- May 11: The spokesman for Ansar Allah, the al Houthi political wing, Mohammed Abdul Salam rejected the Transitional Political Council as an Emirati and American scheme to establish a colonial state and destroy the territorial integrity of Yemen.
- May 11: Hadi rejected the Transitional Political Council as a move that harms Yemen’s social fabric and advances the al Houthi-Saleh bloc’s interests. Hadi stated he will take “all necessary steps” to preserve Yemen’s unity. Early reporting surfaced of Yemeni military troops loyal to Hadi’s deputy, Vice President Ali Mohsen al Ahmar, mobilized in al Abr, in northwestern Hadramawt governorate.
The announcement of a Transitional Political Council sets the stage for a potential new frontline for the Hadi government to prevent actual state fragmentation as the Yemeni civil war drags on. Saudi Arabia, the UAE, and other members of the coalition intervened militarily in Yemen in March 2015 with the objectives to restore the Hadi government as the central government of Yemen and to prevent the spread of Iranian influence in northern and central Yemen through the al Houthi movement. Neither objective has been achieved. More significantly, the policies to re-establish the Hadi government in southern Yemen very likely drove parts of the South to call for autonomy. Southern leaders exchanged their support for Hadi for patronage through the Hadi government. Emirati forces trained and funded southern militias to counter al Qaeda in the Arabian Peninsula. Hadi’s dismissal of Zubaidi and others from his government removed their incentive to back his government, and they now had been empowered with the bones of a southern military. The trade-off for short-term stability in southern Yemen may lead to additional conflict.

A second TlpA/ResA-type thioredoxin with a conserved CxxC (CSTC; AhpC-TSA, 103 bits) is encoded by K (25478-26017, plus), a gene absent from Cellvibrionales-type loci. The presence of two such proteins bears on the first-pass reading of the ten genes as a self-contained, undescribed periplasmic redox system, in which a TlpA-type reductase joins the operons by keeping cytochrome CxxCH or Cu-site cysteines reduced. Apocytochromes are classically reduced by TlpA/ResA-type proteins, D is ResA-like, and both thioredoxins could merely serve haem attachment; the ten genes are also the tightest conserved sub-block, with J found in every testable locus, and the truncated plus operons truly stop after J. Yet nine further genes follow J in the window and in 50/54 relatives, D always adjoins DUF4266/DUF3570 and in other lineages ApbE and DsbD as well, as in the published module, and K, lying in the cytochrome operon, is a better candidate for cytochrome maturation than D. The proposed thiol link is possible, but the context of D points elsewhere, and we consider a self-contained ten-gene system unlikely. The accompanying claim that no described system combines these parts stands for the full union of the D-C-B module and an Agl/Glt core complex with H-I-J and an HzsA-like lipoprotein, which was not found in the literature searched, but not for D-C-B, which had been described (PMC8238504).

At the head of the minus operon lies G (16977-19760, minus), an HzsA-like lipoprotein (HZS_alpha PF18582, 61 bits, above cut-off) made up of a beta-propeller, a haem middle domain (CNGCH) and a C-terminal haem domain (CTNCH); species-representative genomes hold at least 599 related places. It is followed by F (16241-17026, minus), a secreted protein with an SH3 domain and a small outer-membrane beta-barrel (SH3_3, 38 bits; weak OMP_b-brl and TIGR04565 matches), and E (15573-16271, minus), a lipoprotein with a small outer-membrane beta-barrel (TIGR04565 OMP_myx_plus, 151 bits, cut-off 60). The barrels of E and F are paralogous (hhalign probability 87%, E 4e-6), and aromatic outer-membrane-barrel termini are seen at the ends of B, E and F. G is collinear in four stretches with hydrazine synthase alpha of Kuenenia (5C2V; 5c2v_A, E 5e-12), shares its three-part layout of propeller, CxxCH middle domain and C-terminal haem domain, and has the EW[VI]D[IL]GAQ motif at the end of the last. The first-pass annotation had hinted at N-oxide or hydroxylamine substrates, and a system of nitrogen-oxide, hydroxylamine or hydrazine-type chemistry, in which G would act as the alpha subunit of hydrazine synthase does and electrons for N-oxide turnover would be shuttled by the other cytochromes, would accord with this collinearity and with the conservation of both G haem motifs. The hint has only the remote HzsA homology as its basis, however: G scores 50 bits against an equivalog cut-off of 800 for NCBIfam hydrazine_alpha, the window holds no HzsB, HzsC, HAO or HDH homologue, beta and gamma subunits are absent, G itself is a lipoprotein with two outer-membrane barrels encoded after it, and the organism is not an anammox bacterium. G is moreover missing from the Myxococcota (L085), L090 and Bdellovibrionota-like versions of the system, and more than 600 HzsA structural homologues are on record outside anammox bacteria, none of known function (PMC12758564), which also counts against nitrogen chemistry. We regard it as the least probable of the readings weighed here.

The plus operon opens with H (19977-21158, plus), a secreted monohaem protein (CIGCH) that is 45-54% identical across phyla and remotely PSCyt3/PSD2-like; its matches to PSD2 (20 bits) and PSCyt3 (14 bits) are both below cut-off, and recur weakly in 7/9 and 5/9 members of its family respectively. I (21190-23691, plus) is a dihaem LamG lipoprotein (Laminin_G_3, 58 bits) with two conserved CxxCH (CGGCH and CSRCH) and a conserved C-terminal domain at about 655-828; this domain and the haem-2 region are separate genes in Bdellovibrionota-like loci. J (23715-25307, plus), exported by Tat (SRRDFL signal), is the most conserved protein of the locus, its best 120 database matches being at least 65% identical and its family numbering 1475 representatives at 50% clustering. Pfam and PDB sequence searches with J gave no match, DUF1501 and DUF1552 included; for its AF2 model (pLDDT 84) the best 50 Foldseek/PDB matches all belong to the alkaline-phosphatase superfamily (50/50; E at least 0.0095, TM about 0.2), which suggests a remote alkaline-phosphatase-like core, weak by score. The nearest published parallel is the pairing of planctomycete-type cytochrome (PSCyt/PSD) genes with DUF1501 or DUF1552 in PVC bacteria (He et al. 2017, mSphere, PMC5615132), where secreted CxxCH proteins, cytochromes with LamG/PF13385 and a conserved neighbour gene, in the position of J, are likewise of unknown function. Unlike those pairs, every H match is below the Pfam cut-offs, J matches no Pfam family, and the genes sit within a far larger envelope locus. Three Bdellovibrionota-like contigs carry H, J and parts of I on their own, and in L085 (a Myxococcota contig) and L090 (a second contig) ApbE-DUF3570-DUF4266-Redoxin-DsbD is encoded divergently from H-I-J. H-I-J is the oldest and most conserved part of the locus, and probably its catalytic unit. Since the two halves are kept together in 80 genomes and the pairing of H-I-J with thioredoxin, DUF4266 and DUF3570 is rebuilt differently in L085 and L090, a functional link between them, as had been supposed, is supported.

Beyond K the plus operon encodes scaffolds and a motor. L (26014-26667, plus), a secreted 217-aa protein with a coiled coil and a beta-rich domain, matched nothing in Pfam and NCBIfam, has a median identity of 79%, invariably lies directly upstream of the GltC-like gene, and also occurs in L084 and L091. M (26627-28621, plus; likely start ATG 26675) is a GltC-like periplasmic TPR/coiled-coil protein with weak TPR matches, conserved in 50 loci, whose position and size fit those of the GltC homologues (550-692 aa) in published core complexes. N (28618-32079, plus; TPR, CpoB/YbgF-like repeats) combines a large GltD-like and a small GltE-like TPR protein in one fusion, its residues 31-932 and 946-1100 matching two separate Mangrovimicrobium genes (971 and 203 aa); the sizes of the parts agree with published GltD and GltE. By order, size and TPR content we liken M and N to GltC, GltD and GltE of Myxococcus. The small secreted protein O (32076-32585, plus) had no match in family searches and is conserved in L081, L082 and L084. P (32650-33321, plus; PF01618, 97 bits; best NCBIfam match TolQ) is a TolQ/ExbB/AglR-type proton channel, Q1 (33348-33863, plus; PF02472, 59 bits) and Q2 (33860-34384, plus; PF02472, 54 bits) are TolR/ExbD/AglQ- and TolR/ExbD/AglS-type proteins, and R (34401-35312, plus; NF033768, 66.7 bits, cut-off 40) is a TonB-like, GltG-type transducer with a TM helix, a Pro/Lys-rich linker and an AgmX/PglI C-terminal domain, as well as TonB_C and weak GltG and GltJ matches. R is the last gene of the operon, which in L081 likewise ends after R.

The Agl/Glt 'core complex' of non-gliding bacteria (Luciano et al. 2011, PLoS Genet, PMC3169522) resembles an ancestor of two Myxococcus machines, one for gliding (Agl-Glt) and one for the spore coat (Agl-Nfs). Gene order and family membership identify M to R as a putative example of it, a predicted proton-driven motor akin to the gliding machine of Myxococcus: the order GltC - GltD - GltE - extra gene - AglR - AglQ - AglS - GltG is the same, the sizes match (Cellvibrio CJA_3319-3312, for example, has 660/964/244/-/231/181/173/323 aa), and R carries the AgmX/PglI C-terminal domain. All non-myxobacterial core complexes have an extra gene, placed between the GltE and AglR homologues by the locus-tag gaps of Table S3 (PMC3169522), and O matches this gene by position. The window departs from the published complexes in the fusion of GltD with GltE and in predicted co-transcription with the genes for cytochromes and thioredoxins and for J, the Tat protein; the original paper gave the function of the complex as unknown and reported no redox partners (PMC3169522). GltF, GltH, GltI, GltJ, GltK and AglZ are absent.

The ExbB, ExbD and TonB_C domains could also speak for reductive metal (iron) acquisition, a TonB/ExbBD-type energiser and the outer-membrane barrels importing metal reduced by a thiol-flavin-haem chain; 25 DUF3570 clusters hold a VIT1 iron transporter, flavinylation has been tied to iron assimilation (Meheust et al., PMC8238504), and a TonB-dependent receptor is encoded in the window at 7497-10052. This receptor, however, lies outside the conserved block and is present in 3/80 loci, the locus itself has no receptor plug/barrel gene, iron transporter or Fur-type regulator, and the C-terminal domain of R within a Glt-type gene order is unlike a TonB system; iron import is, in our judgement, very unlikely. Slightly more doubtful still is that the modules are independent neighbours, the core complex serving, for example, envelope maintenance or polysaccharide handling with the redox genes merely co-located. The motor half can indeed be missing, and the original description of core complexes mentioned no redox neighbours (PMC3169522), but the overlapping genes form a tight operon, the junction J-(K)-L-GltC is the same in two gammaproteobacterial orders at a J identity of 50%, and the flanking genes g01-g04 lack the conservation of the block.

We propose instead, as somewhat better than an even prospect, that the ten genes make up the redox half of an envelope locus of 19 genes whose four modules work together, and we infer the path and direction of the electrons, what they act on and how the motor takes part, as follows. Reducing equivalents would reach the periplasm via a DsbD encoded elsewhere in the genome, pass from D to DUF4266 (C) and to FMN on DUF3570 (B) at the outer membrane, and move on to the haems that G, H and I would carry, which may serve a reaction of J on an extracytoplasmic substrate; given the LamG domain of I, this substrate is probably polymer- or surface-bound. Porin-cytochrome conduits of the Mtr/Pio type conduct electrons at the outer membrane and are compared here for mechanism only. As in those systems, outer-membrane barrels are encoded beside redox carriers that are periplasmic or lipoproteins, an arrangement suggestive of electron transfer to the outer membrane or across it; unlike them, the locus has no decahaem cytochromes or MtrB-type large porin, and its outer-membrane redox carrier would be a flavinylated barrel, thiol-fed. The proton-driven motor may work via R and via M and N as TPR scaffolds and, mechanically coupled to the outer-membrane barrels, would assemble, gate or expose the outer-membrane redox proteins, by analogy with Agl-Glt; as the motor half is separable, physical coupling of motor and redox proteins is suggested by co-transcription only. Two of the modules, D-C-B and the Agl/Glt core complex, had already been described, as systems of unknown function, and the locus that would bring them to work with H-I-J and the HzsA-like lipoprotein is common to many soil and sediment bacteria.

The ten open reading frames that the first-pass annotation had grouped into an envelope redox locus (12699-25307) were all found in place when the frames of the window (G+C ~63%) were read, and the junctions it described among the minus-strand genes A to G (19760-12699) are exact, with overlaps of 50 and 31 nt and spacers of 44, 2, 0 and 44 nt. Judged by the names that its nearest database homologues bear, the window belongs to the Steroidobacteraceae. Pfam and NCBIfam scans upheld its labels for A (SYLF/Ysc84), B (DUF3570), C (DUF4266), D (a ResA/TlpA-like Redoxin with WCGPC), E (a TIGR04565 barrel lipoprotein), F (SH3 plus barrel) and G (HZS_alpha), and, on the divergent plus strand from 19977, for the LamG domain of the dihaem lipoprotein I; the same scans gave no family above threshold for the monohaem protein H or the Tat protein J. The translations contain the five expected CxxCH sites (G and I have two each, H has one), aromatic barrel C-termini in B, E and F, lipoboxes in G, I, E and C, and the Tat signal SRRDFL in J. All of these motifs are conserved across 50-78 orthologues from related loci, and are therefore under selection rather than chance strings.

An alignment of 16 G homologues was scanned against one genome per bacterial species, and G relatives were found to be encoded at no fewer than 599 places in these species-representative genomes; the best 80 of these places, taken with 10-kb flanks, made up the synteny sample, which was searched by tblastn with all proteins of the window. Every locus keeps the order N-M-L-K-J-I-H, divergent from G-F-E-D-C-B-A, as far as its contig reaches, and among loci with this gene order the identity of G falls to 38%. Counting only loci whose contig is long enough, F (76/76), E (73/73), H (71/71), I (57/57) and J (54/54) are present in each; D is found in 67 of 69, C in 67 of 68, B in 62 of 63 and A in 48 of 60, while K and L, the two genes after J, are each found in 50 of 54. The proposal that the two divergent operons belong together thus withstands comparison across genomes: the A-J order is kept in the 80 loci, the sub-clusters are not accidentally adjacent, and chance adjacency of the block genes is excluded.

U.S. policy for Yemen is now in peril. The U.S. supports the Saudi-led coalition, which has been ineffective at best on the ground in restoring order to Yemen and at worse has added to the challenges, including a major humanitarian crisis. The American position remains the re-establishment of a unitary Yemeni state, aligning the U.S. with the Hadi government. Of the three governments claiming authority in Yemen—the al Houthi-Saleh government, the new southern council, and Hadi’s government—the Hadi government is the least legitimate among its constituents. Emirati support for southern Yemeni factions as part of its counterterrorism strategy to roll back and prevent the expansion of al Qaeda in the Arabian Peninsula may have enabled those southern elements to break from the Hadi government. Recent negotiations over a possible Russian-brokered political settlement also open the door for Russia to challenge American freedom of movement in the Gulf of Aden. The U.S. could rapidly lose its ability to secure its own interests in Yemen. America must stop out-sourcing its policies to partners and instead take the lead.